Clapper: Ukraine was not an intelligence failure

U.S. intelligence did not fail ahead of Russia's Crimean invasion, Director of National Intelligence James Clapper said Monday.

"I have lived through some genuine intelligence failures in my career, and this was not a failure by any stretch," Clapper said in an interview with WTOP.

Clapper was disputing contentions by Sen. John McCainJohn McCainCoats: Trump seemed obsessed with Russia probe The Hill's Whip List: Senate ObamaCare repeal bill Meghan McCain slams 'felon' Dinesh D'Souza over tweets mocking father's captivity MORE (R-Ariz.) and others that the U.S. was taken by surprise when Russia invaded Ukraine to take control of Crimea.

“The fact is, Mr. Secretary, it was not predicted by our intelligence. That is well known, which is another massive failure because of our total misreading of the intentions of Vladimir Putin,” McCain said to Defense Secretary Chuck HagelChuck HagelLobbying World The US just attacked Syria. So where's Congress? Senators tear into Marines on nude photo scandal MORE at a hearing last week.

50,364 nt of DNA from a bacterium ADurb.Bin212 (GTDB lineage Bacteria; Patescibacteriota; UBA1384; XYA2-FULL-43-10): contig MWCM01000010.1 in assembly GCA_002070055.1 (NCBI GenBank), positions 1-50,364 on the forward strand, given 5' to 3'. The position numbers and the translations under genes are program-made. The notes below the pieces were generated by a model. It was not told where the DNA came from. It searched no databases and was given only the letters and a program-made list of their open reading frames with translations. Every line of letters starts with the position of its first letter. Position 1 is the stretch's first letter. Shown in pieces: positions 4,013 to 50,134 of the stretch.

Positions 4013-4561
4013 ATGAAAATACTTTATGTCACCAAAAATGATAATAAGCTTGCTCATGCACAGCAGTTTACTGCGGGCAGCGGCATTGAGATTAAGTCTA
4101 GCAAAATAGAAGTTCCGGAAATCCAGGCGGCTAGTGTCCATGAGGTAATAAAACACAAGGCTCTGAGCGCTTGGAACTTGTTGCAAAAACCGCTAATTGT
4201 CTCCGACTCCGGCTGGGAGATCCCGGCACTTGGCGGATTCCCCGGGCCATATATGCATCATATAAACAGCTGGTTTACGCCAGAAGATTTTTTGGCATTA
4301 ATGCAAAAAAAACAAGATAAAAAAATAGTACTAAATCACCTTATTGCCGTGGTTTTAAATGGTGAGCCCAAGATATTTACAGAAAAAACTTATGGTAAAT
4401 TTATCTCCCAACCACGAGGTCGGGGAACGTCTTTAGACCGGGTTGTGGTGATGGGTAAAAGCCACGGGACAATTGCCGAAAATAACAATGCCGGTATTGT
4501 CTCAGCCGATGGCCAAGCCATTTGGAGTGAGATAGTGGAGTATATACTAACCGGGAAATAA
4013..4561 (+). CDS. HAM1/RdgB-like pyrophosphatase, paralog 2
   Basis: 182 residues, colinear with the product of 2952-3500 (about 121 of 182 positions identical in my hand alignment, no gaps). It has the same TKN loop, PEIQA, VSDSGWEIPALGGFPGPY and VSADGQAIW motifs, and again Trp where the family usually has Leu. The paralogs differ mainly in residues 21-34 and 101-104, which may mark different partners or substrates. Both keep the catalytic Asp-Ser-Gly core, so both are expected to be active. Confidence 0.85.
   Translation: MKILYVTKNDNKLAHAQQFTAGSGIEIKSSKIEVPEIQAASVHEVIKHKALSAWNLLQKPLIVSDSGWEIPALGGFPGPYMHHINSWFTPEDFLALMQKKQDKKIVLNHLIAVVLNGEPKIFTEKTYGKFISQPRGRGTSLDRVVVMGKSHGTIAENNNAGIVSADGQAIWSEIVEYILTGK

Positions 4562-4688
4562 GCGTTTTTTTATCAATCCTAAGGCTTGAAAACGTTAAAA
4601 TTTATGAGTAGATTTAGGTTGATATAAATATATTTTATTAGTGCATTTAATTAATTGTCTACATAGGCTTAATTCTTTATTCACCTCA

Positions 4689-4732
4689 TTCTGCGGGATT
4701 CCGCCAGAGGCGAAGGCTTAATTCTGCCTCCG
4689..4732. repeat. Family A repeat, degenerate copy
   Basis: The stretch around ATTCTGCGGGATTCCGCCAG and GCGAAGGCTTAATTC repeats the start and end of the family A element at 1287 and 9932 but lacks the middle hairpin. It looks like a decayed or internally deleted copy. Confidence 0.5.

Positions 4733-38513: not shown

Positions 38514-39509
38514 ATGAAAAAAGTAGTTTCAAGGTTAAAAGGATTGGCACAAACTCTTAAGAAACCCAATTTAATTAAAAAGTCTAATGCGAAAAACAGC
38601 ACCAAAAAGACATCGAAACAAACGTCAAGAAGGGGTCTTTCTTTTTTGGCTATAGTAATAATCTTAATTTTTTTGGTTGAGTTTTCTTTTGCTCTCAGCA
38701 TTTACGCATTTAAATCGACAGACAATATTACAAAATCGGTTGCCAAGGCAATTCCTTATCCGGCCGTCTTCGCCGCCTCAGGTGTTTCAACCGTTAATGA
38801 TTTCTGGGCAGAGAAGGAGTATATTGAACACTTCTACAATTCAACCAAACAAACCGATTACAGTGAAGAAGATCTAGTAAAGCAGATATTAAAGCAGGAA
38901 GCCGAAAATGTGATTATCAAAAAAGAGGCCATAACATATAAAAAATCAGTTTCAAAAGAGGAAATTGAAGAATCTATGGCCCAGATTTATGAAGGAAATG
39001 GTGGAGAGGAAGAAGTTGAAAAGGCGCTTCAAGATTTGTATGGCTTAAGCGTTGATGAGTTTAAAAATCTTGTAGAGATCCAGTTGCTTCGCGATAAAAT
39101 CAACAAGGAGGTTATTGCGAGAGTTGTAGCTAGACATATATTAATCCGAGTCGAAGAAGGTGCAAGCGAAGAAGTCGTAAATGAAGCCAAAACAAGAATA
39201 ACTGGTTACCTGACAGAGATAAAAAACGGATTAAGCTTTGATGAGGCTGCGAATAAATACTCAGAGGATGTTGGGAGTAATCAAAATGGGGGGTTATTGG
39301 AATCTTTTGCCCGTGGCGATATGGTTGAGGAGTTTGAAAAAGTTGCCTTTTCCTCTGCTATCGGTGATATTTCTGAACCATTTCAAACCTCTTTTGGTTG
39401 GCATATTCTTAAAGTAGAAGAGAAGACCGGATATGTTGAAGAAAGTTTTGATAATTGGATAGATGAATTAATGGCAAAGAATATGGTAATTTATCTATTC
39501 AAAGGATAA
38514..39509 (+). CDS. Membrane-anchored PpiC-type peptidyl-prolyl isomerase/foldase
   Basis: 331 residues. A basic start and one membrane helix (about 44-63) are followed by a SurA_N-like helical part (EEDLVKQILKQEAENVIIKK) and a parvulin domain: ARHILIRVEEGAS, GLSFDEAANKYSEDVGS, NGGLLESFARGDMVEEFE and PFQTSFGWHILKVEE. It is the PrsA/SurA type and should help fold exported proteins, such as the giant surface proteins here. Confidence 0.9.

Clapper, however, told WTOP the intelligence community offered a warning ahead of time.

“We tracked [the situation in Ukraine] pretty carefully and portrayed what the possibilities were and certainly portrayed the difficulties we'd have, because of the movements of Russian troops and provided anticipatory warning of their incursion into Crimea," Clapper said.

"We were following closely the political and economic developments in Ukraine. We spoke to it in our statement for the record at the time and as the situation unfolded with the Russians,” he added.

Russia’s intervention in Ukraine has been condemned by the United States and other European countries, but Russian President Vladimir Putin does not appear eager to back down in the Crimean Peninsula.

Clapper said that the situation was “not a throwback to the Cold War, but it certainly reminds one of the vestiges of the Cold War.”

The intelligence chief called Putin a “product of the Cold War.”

“He's a former KGB officer, and I think he has a grand view of greater Russia, and he attaches great importance to the 'near abroad,' which is those countries that were a part of the Soviet Union,” Clapper said.